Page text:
Let’s face it. Most whitetail hunters hunt on 80 acres or less and are limited on their setups. This means they’ve got a few stands and blinds that they hunt every time - or nearly every time - they step into the woods. Predictably, these stand sites burn out as the accumulated presence of a human takes its toll.

This leaves most deer hunters, especially Midwest and eastern hunters, with a few different paths to take. A) They can severely limit the time they spend in the woods to cut down on educating the local herd. B) they can hunt when they want and accept the fact that each time they sit the chances of having an action-packed evening are diminished.

Or, C) they can work as hard as possible to eliminate the level of intrusion, which provides the opportunity to hunt more and keep the deer around. This, obviously, is the best option. But, it’s not without its challenges.

Go In Or Stay Out?

With limited stand sites and the reliance on trail cameras to offer up-to-date deer movement info, it’s easy to burn out spots. Every time you walk into an area you’re potentially affecting the deer using it. That’s reality.

If you can cut down on how much they recognize your intrusion, you can make serious headway toward having a better season. The easiest way to do this is to just stay out. But that’s no fun.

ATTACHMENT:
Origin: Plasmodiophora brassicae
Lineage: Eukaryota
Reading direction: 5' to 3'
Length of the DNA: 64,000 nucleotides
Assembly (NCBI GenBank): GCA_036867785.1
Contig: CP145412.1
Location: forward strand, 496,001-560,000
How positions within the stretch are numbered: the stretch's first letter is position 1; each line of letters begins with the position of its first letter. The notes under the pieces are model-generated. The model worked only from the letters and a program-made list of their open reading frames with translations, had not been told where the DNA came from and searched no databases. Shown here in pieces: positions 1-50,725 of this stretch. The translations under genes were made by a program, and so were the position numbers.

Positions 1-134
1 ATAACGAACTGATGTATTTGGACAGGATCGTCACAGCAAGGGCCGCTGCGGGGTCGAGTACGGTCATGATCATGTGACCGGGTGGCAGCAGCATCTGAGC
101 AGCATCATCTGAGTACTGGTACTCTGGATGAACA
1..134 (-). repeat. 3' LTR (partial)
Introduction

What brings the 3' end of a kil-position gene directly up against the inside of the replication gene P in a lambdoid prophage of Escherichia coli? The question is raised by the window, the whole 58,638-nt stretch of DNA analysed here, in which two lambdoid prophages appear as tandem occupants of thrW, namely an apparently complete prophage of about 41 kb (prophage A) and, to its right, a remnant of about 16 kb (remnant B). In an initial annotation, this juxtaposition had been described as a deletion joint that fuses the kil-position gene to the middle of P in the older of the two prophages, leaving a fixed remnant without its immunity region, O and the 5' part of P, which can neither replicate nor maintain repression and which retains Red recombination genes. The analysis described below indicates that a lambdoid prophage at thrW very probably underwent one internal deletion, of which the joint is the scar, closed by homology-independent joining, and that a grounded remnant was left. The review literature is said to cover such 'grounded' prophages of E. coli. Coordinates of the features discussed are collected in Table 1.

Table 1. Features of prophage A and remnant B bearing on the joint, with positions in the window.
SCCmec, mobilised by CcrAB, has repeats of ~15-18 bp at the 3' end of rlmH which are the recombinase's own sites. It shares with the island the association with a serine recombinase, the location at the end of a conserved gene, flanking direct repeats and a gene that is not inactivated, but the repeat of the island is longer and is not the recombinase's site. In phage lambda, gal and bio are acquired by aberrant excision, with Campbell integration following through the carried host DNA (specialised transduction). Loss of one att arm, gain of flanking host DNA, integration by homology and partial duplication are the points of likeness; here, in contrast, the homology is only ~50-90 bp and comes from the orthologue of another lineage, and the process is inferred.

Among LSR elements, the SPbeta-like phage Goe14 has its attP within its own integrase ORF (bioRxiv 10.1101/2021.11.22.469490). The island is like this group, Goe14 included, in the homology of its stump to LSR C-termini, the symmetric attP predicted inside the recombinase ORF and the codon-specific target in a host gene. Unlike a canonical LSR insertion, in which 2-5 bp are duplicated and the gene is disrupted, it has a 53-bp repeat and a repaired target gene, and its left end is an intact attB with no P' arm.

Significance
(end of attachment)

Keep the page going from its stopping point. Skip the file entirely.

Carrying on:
The more realistic way to do this is with the right approach to how much you’ll expose your presence to the local deer. This means that you’ll have to avoid being seen, heard, and smelled as much as possible.

As for being seen, this demands an approach into and out of stands that will keep you from being visible. This is more easily said than done, and often requires some brush-cutting work to create entrance and exit routes that will allow you to slip through the cover. While planning these routes, use a metal rake to clear out your paths down to the dirt to remain silent, and of course, think about prevailing wind.

If the access allows you to travel unseen and unheard, but your scent will drift into a bedding area, you’ve lost the game. Take into account the wind and then maximize your odds with an Ozonics unit and the Kinetic Pack

The Scent Game

The reason scent control is so important when hunting smaller properties is because when it comes to deer seeing you or hearing you, they can only do that if you’re there. Once you’re out of the woods, the danger of getting spotted is zero. Not so with scent.

When you travel to your stand site and sit there for a few hours, your scent in a normal scenario is contaminating the area. This means that all of the deer that pass through hours after you’re gone, or that cross your exit path two minutes after dark, could know you were there. That’s not good if you want to keep having productive sits in a small woodlot.

Use a Kinetic Pack while you slip into and out of your stands and blinds and you’ll virtually erase your scent. That means the deer that cross your path simply won’t know you’ve been in their world at all. While on stand, harness that same ozone power to ensure your scent doesn’t accumulate during a sit. Not only does this benefit you while you’re actively hunting, but it’s crucial over an entire season to keep the deer in the dark about how often you’re getting after them.

This is the real key to mastering hunting deer on small properties. Find everything you need to win the scent game with Ozonics.